Grading the Bay
Jun 28, 2013 06:57PM
● By Anonymous
“This happened in my lifetime,” says Boesch, professor of marine science and president of the University of Maryland Center for Environmental Science (UMCES), a research arm of the University System of Maryland headquartered in Cambridge.
In 1972, the U.S. Congress passed the Clean Water Act to regulate discharges and pollutants into the “waters of the U.S.,” and to oversee quality standards for surface water. There followed three-plus decades of voluntary efforts, including 1987 and 2000 agreements between the federal government and the Chesapeake Bay watershed-area states to reduce pollution by 40 percent by 2010.
“Both goals were missed by wide margins,” says Boesch, an Annapolis resident who is widely regarded as expert on the Chesapeake Bay.
In 2010, reliance on voluntary efforts ended. After a successful lawsuit by environmental groups, including the Chesapeake Bay Foundation in Annapolis, the U.S. Environmental Protection Agency—under whose authority the act falls—issued a mandate to the six watershed states: New York, Pennsylvania, Maryland, Delaware, Virginia, and West Virginia, and Washington, D.C.
The mandate is designed to reduce pollution in the Bay and tidal rivers to sustainable levels. Based on EPA models, it allots pollution limits to each Bay jurisdiction, a time frame, and an enforcement mechanism.
There is, however, a problem. No funding is attached. That is left up to the jurisdictions. And cost certainly is a concern when projects required to meet the mandate can run hundreds of millions, if not billions, of dollars.
New York State successfully challenged the EPA on aspects of the mandate, and Virginia is in the process of challenging over the James River. In Maryland, several counties have formed a coalition, hired a lawyer, and are doing the same.
The mandate, colloquially called “the pollution diet,” is filled with acronyms that experts like Boesch rattle off with ease. TMDL stands for total maximum daily load, the EPA’s term for the diet’s mandatory pollution limits.
WIP stands for watershed implementation plan, for each Bay jurisdiction’s plan on how it will fulfill and fund the diet. In Maryland, the counties and Baltimore City have to devise their own WIPs.
The diet addresses the three main sources of Bay pollution: nitrogen, phosphorous, and sediment. The nutrients are caused by wastewater/septic systems and stormwater runoff, and result in algae blooms that kill fish and other aquatic life. When an algae bloom occurs, sediment clouds the water, preventing light from reaching underwater grass, ultimately smothering oyster beds and filling in channels.
The diet requires that 60 percent of each jurisdiction’s limits be in place by 2017, the rest by 2025. The Maryland Department of the Environment, which oversees the diet in Maryland, has gone beyond that time frame, aiming for 70 percent by 2017 and 100 percent by 2020.
Environmentalists are thrilled. “After decades working on Bay restoration, we have plans with details; we have accountability,” says Beth McGee, senior water quality scientist at the Chesapeake Bay Foundation. If the mandate is not met, she adds, the EPA could use existing laws to deny construction permits and to withhold federal dollars.
Like others in the field, McGee regards the mandate as a lastminute reprieve for a dying Bay. “This is really the moment in time,” she says. “If we fail, I’m not sure we will have another opportunity in my lifetime.”
But seven Maryland counties see it differently. A coalition of Allegany, Caroline, Carroll, Cecil, Dorchester, Frederick, and Kent counties has hired attorney Charles D. “Chip” MacLeod to challenge the pollution diet.
At a time of high unemployment and budgetary constraints on services like education and public safety, county commissioners don’t want to burden taxpayers with the cost of the diet, says MacLeod, of the Baltimore law firm Funk & Bolton.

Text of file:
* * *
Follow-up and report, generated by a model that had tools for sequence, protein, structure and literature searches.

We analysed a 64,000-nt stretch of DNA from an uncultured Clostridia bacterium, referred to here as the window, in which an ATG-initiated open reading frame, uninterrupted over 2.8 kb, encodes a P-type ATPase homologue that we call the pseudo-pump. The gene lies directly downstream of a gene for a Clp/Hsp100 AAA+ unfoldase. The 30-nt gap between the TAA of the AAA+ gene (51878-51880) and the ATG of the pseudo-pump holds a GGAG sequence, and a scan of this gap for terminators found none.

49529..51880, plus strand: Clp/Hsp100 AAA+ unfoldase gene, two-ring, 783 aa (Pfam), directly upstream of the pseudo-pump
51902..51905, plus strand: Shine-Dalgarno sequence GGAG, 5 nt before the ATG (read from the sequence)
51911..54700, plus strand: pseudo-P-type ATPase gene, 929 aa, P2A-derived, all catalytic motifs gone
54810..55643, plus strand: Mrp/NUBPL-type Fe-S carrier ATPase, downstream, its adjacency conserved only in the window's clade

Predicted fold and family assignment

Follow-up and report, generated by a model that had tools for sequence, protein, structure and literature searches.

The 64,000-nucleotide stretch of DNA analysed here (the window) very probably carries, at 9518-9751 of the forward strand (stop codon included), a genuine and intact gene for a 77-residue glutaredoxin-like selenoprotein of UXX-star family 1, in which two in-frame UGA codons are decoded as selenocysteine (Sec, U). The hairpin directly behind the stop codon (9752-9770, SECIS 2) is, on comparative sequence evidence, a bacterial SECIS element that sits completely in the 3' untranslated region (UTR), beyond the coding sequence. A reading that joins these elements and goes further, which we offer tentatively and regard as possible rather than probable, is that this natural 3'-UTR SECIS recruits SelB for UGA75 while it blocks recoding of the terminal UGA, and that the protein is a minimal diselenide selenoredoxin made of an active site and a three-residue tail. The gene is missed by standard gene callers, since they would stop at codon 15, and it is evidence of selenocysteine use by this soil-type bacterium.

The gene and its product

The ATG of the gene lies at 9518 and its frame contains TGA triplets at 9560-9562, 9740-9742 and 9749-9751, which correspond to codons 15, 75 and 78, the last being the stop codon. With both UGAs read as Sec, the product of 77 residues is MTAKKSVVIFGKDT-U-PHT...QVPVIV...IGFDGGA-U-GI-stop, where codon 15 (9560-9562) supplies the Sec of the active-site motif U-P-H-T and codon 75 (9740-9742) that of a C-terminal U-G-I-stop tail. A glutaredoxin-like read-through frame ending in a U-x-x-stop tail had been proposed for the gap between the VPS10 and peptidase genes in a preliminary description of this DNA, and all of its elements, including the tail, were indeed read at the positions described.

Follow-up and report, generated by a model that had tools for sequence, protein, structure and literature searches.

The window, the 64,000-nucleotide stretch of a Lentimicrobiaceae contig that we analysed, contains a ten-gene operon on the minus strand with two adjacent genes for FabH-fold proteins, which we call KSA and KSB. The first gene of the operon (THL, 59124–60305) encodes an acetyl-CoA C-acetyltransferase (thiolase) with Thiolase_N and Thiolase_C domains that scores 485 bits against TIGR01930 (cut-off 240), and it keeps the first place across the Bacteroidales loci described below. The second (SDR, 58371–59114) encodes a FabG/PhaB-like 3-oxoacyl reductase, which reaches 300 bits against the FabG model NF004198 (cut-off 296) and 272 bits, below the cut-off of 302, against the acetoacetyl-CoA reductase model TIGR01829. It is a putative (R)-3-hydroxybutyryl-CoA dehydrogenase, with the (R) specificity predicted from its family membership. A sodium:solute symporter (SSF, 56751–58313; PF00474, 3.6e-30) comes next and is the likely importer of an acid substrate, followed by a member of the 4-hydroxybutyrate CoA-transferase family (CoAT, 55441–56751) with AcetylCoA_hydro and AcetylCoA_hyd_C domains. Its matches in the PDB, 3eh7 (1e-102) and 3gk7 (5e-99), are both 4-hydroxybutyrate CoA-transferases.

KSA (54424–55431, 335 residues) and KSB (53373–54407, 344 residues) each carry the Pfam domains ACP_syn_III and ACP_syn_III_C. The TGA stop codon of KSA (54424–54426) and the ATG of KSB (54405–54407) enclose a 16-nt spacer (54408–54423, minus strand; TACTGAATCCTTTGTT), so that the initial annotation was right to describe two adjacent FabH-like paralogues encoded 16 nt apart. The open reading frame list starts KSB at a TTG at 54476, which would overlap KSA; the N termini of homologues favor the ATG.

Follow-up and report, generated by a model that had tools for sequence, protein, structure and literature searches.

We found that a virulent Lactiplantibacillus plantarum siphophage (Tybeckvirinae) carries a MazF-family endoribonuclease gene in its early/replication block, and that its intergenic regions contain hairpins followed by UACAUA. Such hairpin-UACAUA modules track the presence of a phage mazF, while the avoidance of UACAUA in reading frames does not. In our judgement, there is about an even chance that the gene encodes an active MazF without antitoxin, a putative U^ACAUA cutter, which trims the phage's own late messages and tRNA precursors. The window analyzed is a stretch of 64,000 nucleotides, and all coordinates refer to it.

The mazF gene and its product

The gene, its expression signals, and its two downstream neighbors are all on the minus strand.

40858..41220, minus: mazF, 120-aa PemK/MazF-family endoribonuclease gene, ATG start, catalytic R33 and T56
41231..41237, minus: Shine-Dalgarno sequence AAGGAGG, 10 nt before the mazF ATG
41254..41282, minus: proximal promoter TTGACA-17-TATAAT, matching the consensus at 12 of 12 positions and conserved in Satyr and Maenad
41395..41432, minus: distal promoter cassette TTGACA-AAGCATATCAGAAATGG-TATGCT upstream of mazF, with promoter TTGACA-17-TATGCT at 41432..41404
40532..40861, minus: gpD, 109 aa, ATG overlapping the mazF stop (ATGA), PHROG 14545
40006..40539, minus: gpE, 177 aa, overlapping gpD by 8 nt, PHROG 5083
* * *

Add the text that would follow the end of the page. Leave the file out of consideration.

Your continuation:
He points to Dorchester County, which estimates it will cost $87 million to implement its share of nutrient and sediment reduction. This figure does not include agricultural remediation, over which it does not have authority. In October 2012, the Eastern Shore county’s unemployment rate was 9.4 percent, the second highest in the state after Worcester County.
The coalition argues that the primary culprit in sediment pollution is the Conowingo Dam, located in Maryland on the Susquehanna River, five miles south of the Pennsylvania border. Exelon Power owns and operates the hydroelectric dam, which opened in 1928. MacLeod cites research that shows the dam no longer effectively traps sediment, a claim other scientists dispute. Moreover, Pennsylvania’s laws on agricultural pollution are less strict than Maryland’s. The coalition questions spending money on nutrient reduction before addressing the dam’s sediment control.
“County governments are concerned about the ultimate benefit of the pollution diet. They feel the diet needs to be reallocated,” MacLeod says.
Exelon Power’s operating license with the Federal Energy Regulatory Commission (FERC) expires September 1, 2014. As part of the relicensing process, Exelon must submit a plan by early 2013. If the utility doesn’t address sediment control, MacLeod is prepared to intervene—and, he hopes, so will the state of Maryland—on the side of the coalition.
For people who work in the field, the pollution diet isn’t a surprise. “We knew it was coming,” says UMCES’ Boesch. “This is not a new mandate that’s fallen out of the sky.”
But that’s not the case for the county commissioners, Boesch continues. “The local governments weren’t part of the previous process so it’s understandable why it looks new and (like it’s) being imposed on them.”
The Chesapeake Bay Foundation’s McGee seconds Boesch. “As the mandate plans funneled down to the county commissioners, there was a lot of consternation. ‘How are we going to pay for this?’ they asked. The rubber has met the road,” she says.
The cost of implementing the pollution diet in Maryland appears flexible. Erik Michelsen, executive director of the South River Federation, a nonprofit watershed protection organization in Edgewater, has heard the figure $14 to $15 billion for all the work necessary by 2025. But it could “reasonably” reach a total cost of $25 billon-plus, he says.
In Anne Arundel County alone, corrective stormwater measures are estimated at $1 billion. “It wouldn’t cost this much if it had been addressed earlier,” Michelsen says of a county where, after rainfalls, the health department advises residents not to expose themselves to water for 48 hours because of potentially harmful bacteria.